After making a splash in October of 2013 with a landmark ruling in McBride v. Estis Well Service, L.L.C., 731 F.3d 505, 517 (5th Cir. 2013) “that punitive damages remain available to seamen as a remedy for the general maritime law claim of unseaworthiness” – which departed from the Fifth Circuit’s prior en banc opinion in Guevara v. Mar. Overseas Corp., 59 F.3d 1496, (5th Cir. 1995) – the Fifth Circuit has decided to revisit en banc the issue of punitive damages for unseaworthiness. The panel decision in Estis, following the analytical path of the United States Supreme Court’s decision in Atlantic Sounding Co. v. Townsend, 557 U.S. 404 (2007) (an equally historic opinion that abrogated Guevara, and least in part, and validated a seaman’s punitive damage claim for an employer’s willful failure to pay maintenance and cure), charted the history of punitive damages (or their rough analog) in maritime jurisprudence, and held that such damages are available for the seaman’s ancient general maritime law remedy for breach of the warranty of unseaworthiness. In particular, the Estis court held that punitive damages forgeneral maritime law unseaworthiness are available notwithstanding that punitive damages are expressly barred in the context of a seaman’s closely related – but technically distinct – statutory remedy for negligence under the Jones Act and/or the Death on the High Seas Act (DOHSA).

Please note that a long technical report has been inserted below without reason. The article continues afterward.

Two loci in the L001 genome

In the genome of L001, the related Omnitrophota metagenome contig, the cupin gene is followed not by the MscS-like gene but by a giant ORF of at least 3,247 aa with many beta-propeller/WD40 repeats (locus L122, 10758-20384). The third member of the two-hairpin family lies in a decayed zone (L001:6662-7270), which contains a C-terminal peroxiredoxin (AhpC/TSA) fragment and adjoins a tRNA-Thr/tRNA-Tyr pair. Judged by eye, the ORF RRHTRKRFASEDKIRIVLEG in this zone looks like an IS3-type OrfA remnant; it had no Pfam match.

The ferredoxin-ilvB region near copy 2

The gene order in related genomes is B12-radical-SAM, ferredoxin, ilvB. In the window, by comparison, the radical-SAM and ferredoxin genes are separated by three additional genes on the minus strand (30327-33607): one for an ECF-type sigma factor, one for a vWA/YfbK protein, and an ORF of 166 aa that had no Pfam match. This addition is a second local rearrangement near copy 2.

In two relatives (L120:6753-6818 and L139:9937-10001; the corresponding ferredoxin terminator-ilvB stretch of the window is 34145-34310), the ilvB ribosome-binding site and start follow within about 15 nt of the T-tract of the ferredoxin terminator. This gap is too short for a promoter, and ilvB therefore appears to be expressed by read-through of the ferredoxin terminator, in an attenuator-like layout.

The panel decision in Estis expressly recognized that the issue of whether and to what extent punitive damages may be available under the general maritime law has been “sea-tossed” by the Supreme Court’s decision in Townsend. 731 F.3d at 512. This assessment of the legal shoals presented by the issue has been confirmed: on February 24, 2014, the Fifth Circuit issued an opinion granting en banc rehearing upon majority vote of the active judges. This grant of en banc rehearing – which the Fifth Circuit Local Rules acknowledge is appropriate only in “extraordinary” circumstances (Local Rule 35.1) – is perhaps a signal that the majority of the judges in the Fifth Circuit believe the Estis panel’s landmark ruling has charted a legally perilous course for the general maritime law. In particular, in addition to the arguments set forth in the en banc petition suggesting that the panel was simply wrong on its jurisprudential analysis, including its analysis of the Supreme Court’s decision in Miles v. Apex Marine Corp., 498 U.S. 19 (1990), the arguments on rehearing will perhaps focus on Justice Alito’s dissent in Townsend (in which Justice Scalia and Chief Justice Roberts joined), which posited that “if a form of relief [i.e. punitive damages] is not available on a [Jones Act] statutory claim, [the Court] should be reluctant to permit such relief on a similar claim brought under general maritime law.” Simply put, this argument proposes that the remedies available to a seaman under the general maritime law should be uniform with the remedies under the Congressionally circumscribed Jones Act cause of action, which precludes punitive damages.
The answer remains to be seen, as the court will issue a schedule for supplemental briefing and oral argument before theen banc court.